- Historic Sites
“this Is A Beautiful World; But I Shall See A Fairer”
December 1962 | Volume 14, Issue 1
Henry David Thoreau died a hundred years ago, leaving behind no material possessions worth speaking of. He had lived a short and, by most criteria, an uneventful life. After graduating without great distinction from Harvard, he had worked in desultory fashion at odd jobs around Concord, Massachusetts: as a schoolteacher, woodchopper, and general handyman. He was coolly disinterested in making money, and the credo of hard work for its own sake was lost on him—“It is not necessary that a man should earn his living by the sweat of his brow,” he once said, “unless he sweats easier than I do.” At his self-built cottage on Walden Pond he proved to his own satisfaction, and to the unending satisfaction of generations of his readers, that life can indeed be simple, beautiful, and—above all—in harmony with nature.
“I went to the woods,” he wrote in Walden (1854), “because I wished to live deliberately…” Unimpelled by the drives of machine civilization, he deliberately ignored its imperatives in favor of more important things: dew glistening on the petals of wildflowers; the ineffable flicker of a swallow’s wing; the distant cry of a mourning dove; the taste of fresh powder snow on a January morning. And with the utmost fidelity, Thoreau recorded his impressions in his journals, moved to language that perhaps has never quite been matched in its power of evoking the world of nature before the inward eye of the reader.
A MERICAN H ERITAGE is pleased to offer here an essay on Thoreau’s last days by Walter Harding, a leading Thoreau scholar, and a portfolio of extraordinary photographs (beginning on page 113) that capture, we think, glimpses of nature very much as Thoreau saw it. These pictures, and the excerpts from Thoreau printed opposite each, are chosen by special arrangement from a book just published by the Sierra Club in San Francisco, entitled “ In Wildness Is the Preservation of the World .” The book contains seventy-two such photographs by Eliot Porter, who also selected the accompanying quotations from Thoreau; Joseph Wood Krutch has provided an introduction.
It was one of the ironies of his life that Henry David Thoreau, the archetype of the American outdoorsman, should have died of that scourge of civilization, tuberculosis. Rarely has there been a man in our history who has become so associated in the popular image with the great out-of-doors. His years spent in his cabin at Walden Pond, his ramblings through the fields and woods of his native Concord, Massachusetts, and his excursions (as he called them in his books) to the Maine woods, Cape Cod, the White Mountains, Quebec, and Minnesota are famous in the annals of our literature. He thought no day worth-while unless the greater part of it were spent outdoors. Yet at the age of only fortyfour, just one hundred years ago this year, he died of tuberculosis.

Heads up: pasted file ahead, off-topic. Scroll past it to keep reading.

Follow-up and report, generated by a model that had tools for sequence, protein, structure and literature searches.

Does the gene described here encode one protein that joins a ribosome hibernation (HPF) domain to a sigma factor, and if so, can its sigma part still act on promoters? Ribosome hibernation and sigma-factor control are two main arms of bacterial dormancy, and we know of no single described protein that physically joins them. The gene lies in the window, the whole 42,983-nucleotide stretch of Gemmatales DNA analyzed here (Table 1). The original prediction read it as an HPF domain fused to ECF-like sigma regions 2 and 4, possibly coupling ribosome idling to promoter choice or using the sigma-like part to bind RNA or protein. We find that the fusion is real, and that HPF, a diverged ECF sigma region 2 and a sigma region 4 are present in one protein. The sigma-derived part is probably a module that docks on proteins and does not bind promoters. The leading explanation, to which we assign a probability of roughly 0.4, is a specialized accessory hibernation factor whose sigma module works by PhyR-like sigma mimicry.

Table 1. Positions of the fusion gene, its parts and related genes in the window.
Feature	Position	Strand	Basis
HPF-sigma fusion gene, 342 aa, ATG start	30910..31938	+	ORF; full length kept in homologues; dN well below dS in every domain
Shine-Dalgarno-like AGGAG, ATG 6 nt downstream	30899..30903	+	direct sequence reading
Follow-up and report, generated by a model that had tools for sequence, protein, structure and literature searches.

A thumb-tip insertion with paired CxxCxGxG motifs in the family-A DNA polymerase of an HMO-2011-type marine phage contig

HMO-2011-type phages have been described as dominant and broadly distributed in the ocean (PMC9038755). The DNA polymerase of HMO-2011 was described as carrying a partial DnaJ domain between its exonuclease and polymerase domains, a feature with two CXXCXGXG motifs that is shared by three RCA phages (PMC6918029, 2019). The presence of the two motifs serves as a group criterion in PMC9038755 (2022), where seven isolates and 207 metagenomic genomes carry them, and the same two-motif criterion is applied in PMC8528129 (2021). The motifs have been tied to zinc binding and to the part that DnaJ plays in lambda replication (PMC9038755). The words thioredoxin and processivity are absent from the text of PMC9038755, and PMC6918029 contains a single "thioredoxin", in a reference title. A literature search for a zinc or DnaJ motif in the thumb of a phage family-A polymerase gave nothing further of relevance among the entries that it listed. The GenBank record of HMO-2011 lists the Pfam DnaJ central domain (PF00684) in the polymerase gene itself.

Although he was plagued with recurring attacks of the disease from his college days in the 1830’s on, we can date the start of his final illness with precision—December 3, 1860. Thoreau spent the afternoon on Fair Haven Hill in Concord studying the growth of hickories and oaks. It was a raw, bleak day, and he caught cold. When, against a doctor’s advice, he insisted on fulfilling a lecture engagement in Waterbury, Connecticut, on the eleventh, the strain of the journey was too much for him. The cold rapidly ,worsened into bronchitis, which in turn reopened the old tubercular lesions in his lungs. He was confined to his house for the rest of the winter.
With the coming of spring doctors urged him to try a drier climate, and he made a futile twomonth journey to Minnesota and back with Horace Mann, Jr., the son of the famed educator. In the early fall of 1861 he seemed briefly to recover somewhat, but within a few weeks there was a relapse. By late November he was confined to the house once more. By mid-December he had failed so much that he could no longer hold a pen and was forced to dictate all his writing to his sister Sophia.
On the nineteenth of December, Sophia wrote Daniel Ricketson, Thoreau’s New Bedford Quaker friend:
The air and exercise which he enjoyed during the fine autumn days, was a benefit to him—he seemed stronger—had a good appetite, and was able to attend somewhat to his writing; but since the cold weather has come his cough has increased and he is able to go out but seldom. Just now he is suffering from an attack of pleurisy which confines him wholly to the house.
His spirits do not fail him, he continues in his usual serene mood, which is very pleasant for his friends as well as himself.
When Bronson Alcott called on New Year’s Day, 1862, bringing cider and apples, he found Thoreau failing and feeble, but “talkative,…interested in books and men.” They discussed Pliny, Evelyn, and the rural authors. When Alcott mentioned the war, Thoreau spoke impatiently of “the temporizing policy” of the government and blamed “the people too for their indifferency to the true issues of national honor and justice.” But despite Thoreau’s brave talk, Alcott thought it obvious that his days were numbered.
A week later Daniel Ricketson wrote, inviting Thoreau to visit him in New Bedford. But Alcott, at Sophia Thoreau’s request, replied: ”…he grows feebler day by day, and is evidently failing and fading from our sight. He gets some sleep, has a pretty good appetite, reads at intervals, takes notes of his readings, and likes to see his friends, conversing, however, with difficulty, as his voice partakes of his general debility.”